- The Washington Times - Wednesday, March 29, 2006

Median home prices in the Washington metropolitan area shot up by 19 to 31 percent last year. In many jurisdictions, prices rose even more than they had in 2004 and 2003. In only three years, area home prices have risen 65 to 98 percent.

However, the area’s housing market cooled off during the latter half of 2005. For the first time since 1999, buyers began to be on equal footing with sellers.

How much more will the market cool? Will home prices fall, or just stabilize?

“For sure, there was no bubble to burst when the market cooled,” says Michael Turk, manager of Weichert Realtors’ Old Town Alexandria office. “There is just so much job creation in this area, and that turns out to be the biggest factor in how many homes actually sell. I used to think it was interest rates, but it’s jobs.”

Despite a growing job market, the supply of homes for sale has ballooned since August. Excessive supply can lead to a softening, or even decline, in home prices.

“Prices have pretty much been flat for the last four months,” Mr. Turk says. “Prices came down between June and November and have been stable since then.”

This may sound like bad news, but after the kind of market the area experienced in recent years, many welcome the change.

“It is a much healthier market this year,” Mr. Turk says. “Some of the people who pulled out of the market last year have returned. Today they are getting the home they want, while last year they couldn’t.”

That has a lot to do with the supply of homes for sale. Buyers in February had 28,000 homes to choose from. Last February, there were only 9,800 homes for buyers to see.

Condominiums were the most-sought-after home type early last year, with insufficient supply to meet the demand. This, too, has changed.

“In March of last year, there were only 45 condos available in Alexandria,” says Mr. Turk. “Now, there are 333 available. So buyers are finally getting what they want. The demand is still there, there’s just a lot more supply now.”

Supply and price are directly related statistics. When supply is tight, buyers are in competition with one another, and their bidding wars push home prices higher.

One tool used by competitive buyers is the escalation clause. It works kind of like EBay’s bidding system. When added to a purchase offer, the escalation clause automatically raises the buyer’s offer to beat other offers. In some cases last year, the winner of the home was the one with the highest cap in their escalation clause.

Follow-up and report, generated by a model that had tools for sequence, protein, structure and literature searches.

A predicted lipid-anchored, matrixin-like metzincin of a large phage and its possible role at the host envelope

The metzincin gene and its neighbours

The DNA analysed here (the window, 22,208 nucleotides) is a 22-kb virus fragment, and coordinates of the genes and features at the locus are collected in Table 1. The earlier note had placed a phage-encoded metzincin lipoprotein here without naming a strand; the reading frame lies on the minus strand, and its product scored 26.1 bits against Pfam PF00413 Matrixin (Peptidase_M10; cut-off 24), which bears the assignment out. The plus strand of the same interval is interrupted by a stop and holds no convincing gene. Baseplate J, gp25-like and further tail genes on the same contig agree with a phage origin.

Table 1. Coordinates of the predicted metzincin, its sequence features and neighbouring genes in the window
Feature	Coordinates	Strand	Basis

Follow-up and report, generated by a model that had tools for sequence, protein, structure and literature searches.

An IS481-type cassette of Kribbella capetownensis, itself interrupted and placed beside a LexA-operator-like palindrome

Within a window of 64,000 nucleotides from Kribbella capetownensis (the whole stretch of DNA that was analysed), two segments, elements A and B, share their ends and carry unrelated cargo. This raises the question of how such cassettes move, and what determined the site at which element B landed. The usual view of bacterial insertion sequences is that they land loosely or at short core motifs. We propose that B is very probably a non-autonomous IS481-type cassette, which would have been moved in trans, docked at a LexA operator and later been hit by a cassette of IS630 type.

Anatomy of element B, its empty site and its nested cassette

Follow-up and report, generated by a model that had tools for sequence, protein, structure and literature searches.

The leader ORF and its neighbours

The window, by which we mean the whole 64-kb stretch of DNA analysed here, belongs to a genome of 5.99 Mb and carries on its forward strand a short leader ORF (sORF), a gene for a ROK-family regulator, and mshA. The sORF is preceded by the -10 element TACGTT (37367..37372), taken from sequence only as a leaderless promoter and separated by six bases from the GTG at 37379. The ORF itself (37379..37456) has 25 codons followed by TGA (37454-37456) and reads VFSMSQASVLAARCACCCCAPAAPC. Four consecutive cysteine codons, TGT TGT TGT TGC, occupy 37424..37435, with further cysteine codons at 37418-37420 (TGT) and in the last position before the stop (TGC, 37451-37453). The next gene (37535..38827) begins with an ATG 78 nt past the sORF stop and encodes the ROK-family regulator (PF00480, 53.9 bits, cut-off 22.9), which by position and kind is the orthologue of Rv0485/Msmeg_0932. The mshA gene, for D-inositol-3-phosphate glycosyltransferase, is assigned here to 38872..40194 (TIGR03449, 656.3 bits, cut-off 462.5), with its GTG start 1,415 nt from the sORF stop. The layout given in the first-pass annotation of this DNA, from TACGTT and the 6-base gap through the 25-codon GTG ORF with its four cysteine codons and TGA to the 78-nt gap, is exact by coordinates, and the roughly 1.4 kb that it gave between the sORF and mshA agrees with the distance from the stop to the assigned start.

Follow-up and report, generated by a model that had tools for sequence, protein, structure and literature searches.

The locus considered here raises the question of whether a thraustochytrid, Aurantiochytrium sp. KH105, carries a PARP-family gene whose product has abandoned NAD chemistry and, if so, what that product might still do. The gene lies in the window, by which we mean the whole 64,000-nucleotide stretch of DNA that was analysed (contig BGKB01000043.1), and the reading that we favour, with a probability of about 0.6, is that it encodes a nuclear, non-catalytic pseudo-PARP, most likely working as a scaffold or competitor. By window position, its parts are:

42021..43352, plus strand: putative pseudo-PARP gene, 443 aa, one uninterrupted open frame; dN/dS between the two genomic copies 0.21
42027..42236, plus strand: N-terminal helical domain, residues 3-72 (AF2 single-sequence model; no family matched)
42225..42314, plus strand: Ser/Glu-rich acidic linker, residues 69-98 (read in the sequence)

However, as buyer competitiveness has softened, escalation clauses have become less common.

“We are still seeing escalation clauses today. I’d say probably 1 in 10 offers contain one right now,” says Dale Mattison, associate broker at Long & Foster’s Park Avenue office in the District. “Last year, we were seeing the clause in 5 out of 10 offers, and in 2004 I would say 9 in 10 buyers used an escalation clause.”

Buyers aren’t the only ones who change their strategy when a housing market slows. Sellers need to rethink their pricing plan.

“The more sophisticated Realtors are telling sellers not to be aggressive like last year,” Mr. Mattison says. “I’m getting ready to put my mother-in-law’s home on the market, and I need to figure out how to price it. Well, a nearby home was listed last week, priced exactly the same as the most recently sold home in the neighborhood.

“Now, last year, you would have automatically added $10,000 or $15,000 to the sales price of a recent sale,” he says, “but in today’s market, that seller kept the pricing of their home the same as the recent sale.”

With less-aggressive sellers and less-competitive buyers, it seems likely that home prices will be more stable this year.

“Prices won’t shoot up like they have been doing,” Mr. Mattison says, “but there will still be significant demand, because this area is still creating jobs and many people are relocating here. So prices are going to edge up this year. Overall sales numbers will be down, I suspect by 10 percent. But, I think prices will go up 6-8 percent around the region this year.”

Given all of these new market dynamics, both buyers and sellers need to revise their thinking to do well in the 2006 housing market.

Sellers will find their homes sell more quickly, and perhaps for more money, if they are priced properly and looking good.

“One home in our area just had 16 viewings and received multiple offers,” Mr. Mattison says. “That’s because they priced it right. I bet it will sell for more than they asked. But if that same seller had asked $10,000 or $15,000 more, they wouldn’t have received the same level of interest, and maybe wouldn’t do as well in the end.”

Many home buyers use pricing to decide which homes they want to see, but once they’re in your home, how it shows is what matters.

“Sellers need to make sure the house shows well,” says Mr. Mattison. “A year or two ago, you didn’t have to do anything to sell a property. You’d just open the door and it would sell regardless of how it looked. But we’ve spent the last six weeks getting my mother-in-law’s home ready so it will shine when it hits the market.”

And how do things look for buyers this year?

“The detached market is still strong, with supply and demand fairly well balanced,” Mr. Turk says. “Buyers should be able to negotiate most strongly in the condo market. This market will remain very, very flat and soft this year, so certain people should take advantage of the low interest rates and the abundant supply, and buy now.”

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